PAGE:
Meeting the welfare requirements
Providers must comply with all the legal requirements set out and should have regard to the statutory guidance. Ofsted will base its regulatory and inspection judgements on whether a provider has met the general and specific legal requirements, and has had regard to the statutory guidance. This guidance gives examples of action providers are likely to have to take in order to meet the general and specific legal requirements; however, providers may be able to comply by using other methods, in which case they can depart from the statutory guidance provided that they are able to demonstrate that their alternative approach achieves the same ends.
Schools will not be required to have separate policies for the EYFS provided that the requirements are met through their policies which cover children of statutory school age. Safeguarding and promoting children’s welfare The provider must take necessary steps to safeguard and promote the welfare of children Safeguarding Specific Legal Requirements An effective safeguarding children policy and procedure must be implemented. All providers must inform Ofsted, without delay, of any allegations of serious harm or abuse by any person living, working, or looking after children at the premises (whether that allegation relates to harm or abuse committed on the premises or elsewhere), or any other abuse which is alleged to have taken place on the premises, and of the action taken in respect of these allegations. An early years provider who, without reasonable excuse, fails to comply with this requirement, commits an offence. Providers must also notify any child protection agency (usually local children's services or the police) previously identified by the Local Safeguarding Children Board (LSCB), without delay, of allegations of abuse as above. Providers must ensure that they keep their concerns confidential. The provider must ensure that all members of staff understand the procedures to be followed in the event of an allegation being made against a member of staff. In group provision, a practitioner must be designated to take lead responsibility for safeguarding children within the setting, attend a child protection training course, and to liaise with local statutory children's services agencies as appropriate.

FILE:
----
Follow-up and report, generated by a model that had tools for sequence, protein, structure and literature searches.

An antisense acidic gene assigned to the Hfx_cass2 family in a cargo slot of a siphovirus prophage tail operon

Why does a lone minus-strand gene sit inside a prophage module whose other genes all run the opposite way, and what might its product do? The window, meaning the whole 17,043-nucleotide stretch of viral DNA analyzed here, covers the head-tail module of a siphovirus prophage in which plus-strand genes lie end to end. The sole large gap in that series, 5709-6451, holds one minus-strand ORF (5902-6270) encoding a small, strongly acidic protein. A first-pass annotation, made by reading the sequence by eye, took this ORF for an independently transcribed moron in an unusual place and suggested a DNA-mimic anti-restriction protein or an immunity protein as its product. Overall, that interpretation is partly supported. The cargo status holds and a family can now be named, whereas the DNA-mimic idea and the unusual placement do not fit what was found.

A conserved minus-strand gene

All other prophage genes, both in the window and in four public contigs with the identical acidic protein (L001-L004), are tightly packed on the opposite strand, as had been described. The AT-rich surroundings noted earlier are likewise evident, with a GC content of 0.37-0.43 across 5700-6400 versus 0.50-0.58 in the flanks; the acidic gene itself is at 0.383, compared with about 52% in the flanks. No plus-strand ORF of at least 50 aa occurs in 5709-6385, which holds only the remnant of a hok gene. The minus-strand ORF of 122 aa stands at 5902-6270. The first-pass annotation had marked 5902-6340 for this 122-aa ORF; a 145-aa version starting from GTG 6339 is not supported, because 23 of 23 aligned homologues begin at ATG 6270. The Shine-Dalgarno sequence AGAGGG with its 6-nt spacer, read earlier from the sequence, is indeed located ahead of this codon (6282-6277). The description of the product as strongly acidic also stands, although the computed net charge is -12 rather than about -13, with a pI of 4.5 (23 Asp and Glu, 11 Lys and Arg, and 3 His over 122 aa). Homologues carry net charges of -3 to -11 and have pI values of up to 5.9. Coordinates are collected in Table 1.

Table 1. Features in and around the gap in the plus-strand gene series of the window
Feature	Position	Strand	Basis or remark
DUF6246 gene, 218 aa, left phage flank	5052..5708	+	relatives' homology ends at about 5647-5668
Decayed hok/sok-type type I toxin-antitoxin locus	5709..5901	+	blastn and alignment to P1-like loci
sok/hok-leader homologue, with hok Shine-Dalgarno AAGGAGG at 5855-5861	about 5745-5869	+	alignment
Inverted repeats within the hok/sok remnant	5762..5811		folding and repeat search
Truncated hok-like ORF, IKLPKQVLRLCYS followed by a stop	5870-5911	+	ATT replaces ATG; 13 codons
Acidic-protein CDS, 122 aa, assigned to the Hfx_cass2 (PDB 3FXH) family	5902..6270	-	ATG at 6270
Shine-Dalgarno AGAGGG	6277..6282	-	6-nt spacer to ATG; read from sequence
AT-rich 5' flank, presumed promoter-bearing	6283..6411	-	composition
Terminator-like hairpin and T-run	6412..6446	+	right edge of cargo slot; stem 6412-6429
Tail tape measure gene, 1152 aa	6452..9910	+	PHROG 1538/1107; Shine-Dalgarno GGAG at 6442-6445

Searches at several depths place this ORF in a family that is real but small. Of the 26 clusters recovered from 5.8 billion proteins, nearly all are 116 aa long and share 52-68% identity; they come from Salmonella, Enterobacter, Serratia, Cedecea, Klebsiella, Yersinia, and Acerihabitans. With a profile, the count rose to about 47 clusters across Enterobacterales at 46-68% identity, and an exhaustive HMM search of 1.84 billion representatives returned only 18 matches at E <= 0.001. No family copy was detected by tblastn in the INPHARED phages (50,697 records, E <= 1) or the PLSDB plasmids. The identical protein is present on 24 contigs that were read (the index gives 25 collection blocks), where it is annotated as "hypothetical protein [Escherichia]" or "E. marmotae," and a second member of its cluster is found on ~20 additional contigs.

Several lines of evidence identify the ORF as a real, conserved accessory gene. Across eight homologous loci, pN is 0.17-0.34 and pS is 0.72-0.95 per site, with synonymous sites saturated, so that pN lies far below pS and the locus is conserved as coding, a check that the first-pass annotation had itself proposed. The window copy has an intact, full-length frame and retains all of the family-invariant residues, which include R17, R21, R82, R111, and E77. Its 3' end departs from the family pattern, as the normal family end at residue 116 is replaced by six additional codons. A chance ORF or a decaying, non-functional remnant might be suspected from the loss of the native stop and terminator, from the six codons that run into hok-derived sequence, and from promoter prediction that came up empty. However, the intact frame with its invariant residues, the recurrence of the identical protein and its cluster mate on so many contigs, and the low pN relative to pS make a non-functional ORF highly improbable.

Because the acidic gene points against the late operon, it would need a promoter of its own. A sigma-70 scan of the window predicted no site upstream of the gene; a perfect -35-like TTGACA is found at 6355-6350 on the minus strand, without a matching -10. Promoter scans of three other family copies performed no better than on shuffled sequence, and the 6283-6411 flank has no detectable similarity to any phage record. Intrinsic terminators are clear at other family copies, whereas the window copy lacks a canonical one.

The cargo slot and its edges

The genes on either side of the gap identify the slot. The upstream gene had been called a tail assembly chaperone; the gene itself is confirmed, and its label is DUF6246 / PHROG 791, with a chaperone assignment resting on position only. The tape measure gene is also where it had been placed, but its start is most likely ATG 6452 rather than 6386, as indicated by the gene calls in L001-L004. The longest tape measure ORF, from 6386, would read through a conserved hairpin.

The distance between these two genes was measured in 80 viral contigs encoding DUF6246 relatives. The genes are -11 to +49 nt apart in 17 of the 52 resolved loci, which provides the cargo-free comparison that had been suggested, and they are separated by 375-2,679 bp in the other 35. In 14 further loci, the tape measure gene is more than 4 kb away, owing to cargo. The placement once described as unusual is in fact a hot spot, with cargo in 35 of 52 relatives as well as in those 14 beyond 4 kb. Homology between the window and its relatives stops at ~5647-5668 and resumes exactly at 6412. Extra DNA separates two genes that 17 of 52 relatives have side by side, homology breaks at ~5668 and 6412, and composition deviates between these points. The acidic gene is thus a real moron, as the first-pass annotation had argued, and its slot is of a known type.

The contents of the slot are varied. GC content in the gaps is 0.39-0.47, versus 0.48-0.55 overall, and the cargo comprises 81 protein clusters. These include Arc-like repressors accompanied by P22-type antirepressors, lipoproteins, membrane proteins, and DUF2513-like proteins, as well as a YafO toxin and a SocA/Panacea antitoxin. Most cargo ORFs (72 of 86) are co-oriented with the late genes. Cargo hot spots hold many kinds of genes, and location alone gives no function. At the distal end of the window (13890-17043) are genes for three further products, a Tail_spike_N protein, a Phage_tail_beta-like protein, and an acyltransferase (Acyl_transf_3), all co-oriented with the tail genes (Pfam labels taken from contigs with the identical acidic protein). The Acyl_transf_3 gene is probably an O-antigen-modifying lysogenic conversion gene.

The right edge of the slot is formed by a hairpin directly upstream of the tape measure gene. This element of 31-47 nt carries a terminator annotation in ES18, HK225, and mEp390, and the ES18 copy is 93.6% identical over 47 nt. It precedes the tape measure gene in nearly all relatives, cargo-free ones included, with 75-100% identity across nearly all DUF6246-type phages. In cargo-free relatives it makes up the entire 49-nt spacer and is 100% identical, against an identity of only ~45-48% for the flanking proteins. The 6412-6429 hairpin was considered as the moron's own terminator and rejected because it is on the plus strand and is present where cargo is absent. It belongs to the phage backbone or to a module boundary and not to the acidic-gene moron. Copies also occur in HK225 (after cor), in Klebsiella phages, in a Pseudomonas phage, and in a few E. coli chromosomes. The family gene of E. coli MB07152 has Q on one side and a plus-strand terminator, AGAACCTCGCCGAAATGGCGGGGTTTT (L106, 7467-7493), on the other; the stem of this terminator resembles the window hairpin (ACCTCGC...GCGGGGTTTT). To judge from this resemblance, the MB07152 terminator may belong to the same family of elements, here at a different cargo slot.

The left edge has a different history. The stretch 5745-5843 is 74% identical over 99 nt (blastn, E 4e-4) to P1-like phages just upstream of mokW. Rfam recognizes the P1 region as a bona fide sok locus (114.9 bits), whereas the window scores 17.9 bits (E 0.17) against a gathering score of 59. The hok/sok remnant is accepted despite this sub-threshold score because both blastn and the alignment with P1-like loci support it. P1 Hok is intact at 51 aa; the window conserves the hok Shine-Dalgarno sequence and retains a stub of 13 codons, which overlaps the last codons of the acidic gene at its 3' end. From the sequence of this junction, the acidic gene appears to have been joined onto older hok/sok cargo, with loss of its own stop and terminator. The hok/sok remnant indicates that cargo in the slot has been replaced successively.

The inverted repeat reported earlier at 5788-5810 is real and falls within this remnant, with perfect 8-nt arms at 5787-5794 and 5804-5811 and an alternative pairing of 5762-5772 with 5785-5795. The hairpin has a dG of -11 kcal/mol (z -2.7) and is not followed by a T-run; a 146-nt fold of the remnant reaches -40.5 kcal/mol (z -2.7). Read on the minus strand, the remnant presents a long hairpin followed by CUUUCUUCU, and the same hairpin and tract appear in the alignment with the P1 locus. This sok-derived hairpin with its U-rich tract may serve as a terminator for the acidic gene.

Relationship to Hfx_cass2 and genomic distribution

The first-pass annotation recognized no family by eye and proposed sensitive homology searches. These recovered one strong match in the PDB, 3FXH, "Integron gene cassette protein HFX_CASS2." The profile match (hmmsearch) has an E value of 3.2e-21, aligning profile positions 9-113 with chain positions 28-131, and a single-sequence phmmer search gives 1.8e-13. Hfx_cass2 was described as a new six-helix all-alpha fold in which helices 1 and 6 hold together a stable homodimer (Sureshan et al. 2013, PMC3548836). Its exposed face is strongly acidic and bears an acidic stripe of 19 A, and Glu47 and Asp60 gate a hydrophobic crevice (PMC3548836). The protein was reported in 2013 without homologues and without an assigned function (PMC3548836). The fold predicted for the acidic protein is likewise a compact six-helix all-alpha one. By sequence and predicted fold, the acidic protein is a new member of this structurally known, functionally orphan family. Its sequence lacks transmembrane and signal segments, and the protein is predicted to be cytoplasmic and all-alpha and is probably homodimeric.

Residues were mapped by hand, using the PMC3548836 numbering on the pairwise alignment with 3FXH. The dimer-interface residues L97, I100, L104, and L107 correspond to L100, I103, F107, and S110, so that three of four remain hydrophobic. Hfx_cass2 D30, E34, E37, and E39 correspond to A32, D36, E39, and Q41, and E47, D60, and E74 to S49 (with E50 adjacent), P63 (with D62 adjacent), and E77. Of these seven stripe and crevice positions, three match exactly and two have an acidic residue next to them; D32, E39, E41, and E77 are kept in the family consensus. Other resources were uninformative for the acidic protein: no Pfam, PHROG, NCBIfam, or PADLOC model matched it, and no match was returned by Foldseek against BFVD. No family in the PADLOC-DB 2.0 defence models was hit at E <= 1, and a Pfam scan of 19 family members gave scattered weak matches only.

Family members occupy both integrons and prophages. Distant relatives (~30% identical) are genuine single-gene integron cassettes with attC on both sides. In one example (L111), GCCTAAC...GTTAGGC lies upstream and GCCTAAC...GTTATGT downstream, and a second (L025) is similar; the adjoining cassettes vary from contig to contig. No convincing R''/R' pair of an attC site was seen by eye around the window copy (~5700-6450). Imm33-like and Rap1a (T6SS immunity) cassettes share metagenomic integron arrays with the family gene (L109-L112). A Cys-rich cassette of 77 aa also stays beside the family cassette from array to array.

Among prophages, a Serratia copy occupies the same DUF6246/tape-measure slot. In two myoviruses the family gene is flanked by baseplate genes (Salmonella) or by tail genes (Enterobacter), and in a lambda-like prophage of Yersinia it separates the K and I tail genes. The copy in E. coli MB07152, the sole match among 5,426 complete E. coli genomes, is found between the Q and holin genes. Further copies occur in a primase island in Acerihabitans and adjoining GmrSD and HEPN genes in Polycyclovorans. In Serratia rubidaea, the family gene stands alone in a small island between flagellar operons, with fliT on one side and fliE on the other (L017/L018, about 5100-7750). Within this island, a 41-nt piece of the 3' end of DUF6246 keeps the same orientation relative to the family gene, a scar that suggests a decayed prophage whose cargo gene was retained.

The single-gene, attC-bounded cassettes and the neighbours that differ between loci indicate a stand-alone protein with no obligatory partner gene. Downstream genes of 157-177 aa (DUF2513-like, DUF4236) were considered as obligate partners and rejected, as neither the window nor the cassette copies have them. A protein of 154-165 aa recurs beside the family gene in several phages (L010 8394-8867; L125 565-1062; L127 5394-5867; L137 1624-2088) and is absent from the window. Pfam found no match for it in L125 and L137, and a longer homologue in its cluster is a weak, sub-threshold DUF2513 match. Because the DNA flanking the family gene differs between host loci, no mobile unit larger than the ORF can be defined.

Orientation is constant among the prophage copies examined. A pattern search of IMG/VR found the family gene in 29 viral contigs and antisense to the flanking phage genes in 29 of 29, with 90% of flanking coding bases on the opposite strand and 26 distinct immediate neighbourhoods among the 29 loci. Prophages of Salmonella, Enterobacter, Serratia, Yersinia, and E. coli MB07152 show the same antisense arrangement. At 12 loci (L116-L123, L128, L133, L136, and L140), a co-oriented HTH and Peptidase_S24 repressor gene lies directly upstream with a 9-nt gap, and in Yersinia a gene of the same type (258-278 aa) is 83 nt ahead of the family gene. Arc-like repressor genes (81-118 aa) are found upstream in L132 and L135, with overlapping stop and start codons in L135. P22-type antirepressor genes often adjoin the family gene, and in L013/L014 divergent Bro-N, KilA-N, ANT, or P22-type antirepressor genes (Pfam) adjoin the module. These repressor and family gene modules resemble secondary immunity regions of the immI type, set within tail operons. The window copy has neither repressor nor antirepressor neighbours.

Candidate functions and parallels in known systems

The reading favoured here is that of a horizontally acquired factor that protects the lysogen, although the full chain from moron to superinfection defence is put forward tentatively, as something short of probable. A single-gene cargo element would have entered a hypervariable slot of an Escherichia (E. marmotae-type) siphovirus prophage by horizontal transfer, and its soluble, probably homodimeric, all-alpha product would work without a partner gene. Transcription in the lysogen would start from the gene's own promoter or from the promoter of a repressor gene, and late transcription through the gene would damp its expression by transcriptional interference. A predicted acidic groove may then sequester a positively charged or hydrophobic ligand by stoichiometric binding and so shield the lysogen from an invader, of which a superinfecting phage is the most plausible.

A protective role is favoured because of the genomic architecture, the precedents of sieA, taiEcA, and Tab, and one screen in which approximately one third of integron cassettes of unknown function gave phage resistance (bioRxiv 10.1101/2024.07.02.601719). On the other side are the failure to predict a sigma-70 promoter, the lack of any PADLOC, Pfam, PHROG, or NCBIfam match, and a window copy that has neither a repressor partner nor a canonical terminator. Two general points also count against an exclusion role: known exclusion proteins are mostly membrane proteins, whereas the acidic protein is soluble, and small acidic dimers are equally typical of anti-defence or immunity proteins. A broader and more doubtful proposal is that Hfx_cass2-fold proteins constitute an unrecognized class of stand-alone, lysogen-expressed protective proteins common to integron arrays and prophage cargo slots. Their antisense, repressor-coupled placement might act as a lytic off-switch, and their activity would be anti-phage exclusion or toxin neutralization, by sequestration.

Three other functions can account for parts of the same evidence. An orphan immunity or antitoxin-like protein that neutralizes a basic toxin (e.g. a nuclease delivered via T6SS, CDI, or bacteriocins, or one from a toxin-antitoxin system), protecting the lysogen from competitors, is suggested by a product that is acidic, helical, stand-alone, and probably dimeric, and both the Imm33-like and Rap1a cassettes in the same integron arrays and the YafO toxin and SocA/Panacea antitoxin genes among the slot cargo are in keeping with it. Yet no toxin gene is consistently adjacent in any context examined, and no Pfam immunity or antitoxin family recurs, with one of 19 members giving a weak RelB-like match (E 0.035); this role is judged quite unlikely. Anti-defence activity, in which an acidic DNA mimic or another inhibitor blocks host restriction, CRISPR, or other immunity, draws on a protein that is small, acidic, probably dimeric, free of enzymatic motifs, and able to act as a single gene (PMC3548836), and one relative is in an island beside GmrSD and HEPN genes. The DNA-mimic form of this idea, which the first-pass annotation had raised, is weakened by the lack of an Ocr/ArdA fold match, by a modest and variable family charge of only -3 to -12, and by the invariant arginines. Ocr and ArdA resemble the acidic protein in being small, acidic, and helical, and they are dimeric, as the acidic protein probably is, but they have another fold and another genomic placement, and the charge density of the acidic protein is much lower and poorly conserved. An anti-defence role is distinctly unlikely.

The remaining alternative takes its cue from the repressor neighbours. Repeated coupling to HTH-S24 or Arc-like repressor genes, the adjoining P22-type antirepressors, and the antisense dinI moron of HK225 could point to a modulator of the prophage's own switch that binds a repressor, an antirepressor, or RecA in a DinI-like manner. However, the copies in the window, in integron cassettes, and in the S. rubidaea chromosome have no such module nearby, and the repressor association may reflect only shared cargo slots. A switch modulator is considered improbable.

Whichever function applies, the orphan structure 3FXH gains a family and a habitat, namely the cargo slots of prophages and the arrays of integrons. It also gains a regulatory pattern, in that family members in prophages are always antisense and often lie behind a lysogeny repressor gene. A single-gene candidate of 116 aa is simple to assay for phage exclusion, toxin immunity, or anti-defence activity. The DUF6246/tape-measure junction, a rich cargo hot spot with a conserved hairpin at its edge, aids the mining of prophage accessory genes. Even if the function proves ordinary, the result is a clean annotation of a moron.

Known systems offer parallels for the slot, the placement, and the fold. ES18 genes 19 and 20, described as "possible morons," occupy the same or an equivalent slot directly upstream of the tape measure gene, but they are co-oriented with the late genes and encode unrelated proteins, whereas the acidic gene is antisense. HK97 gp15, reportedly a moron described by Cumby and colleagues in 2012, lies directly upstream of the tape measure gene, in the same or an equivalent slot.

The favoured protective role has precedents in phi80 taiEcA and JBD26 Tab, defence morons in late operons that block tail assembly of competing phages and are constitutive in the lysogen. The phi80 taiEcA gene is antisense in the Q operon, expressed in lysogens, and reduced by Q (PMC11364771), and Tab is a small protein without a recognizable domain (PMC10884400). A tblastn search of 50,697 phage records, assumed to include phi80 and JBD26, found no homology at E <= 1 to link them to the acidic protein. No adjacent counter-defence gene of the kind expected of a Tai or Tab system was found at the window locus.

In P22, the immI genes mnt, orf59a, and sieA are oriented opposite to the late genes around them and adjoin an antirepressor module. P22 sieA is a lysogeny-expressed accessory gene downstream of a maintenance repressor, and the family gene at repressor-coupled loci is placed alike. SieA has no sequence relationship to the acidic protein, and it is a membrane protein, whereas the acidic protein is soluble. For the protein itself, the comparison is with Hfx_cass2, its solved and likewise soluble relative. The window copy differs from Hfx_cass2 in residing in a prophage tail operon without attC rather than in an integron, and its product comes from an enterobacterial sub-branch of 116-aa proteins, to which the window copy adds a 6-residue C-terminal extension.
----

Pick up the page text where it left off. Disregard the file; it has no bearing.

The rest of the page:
Safeguarding Statutory Guidance
All practitioners should have an up-to-date understanding of safeguarding children issues and be able to implement the safeguarding children policy and procedure appropriately. Policies should be in line with LSCB local guidance and procedures. Staff should be able to respond appropriately to: ! ! ! ! significant changes in children's behaviour; deterioration in their general wellbeing; unexplained bruising, marks or signs of possible abuse; neglect;
the comments children make which give cause for concern
Information and Complaints Specific Legal Requirements
Providers must engage with, and provide the following information for, parents: ! ! ! ! ! the type of activities provided for the children; the daily routines of the provision; the staffing of the provision; food and drinks provided for the children; the provider's policies and procedures, for example, admissions policies, equality of opportunity policy, safeguarding children policy; the complaints procedure (copies to be available on request); details for contacting Ofsted and an explanation that parents can make a complaint to Ofsted should they wish; the procedure to be followed in the event of a parent failing to collect a child at the appointed time; the procedure to be followed in the event of a child going missing.
Providers must obtain necessary information from parents in advance of a child being admitted to the provision, including: ! ! emergency contact numbers; the child's special dietary requirements, preferences or food allergies the child...
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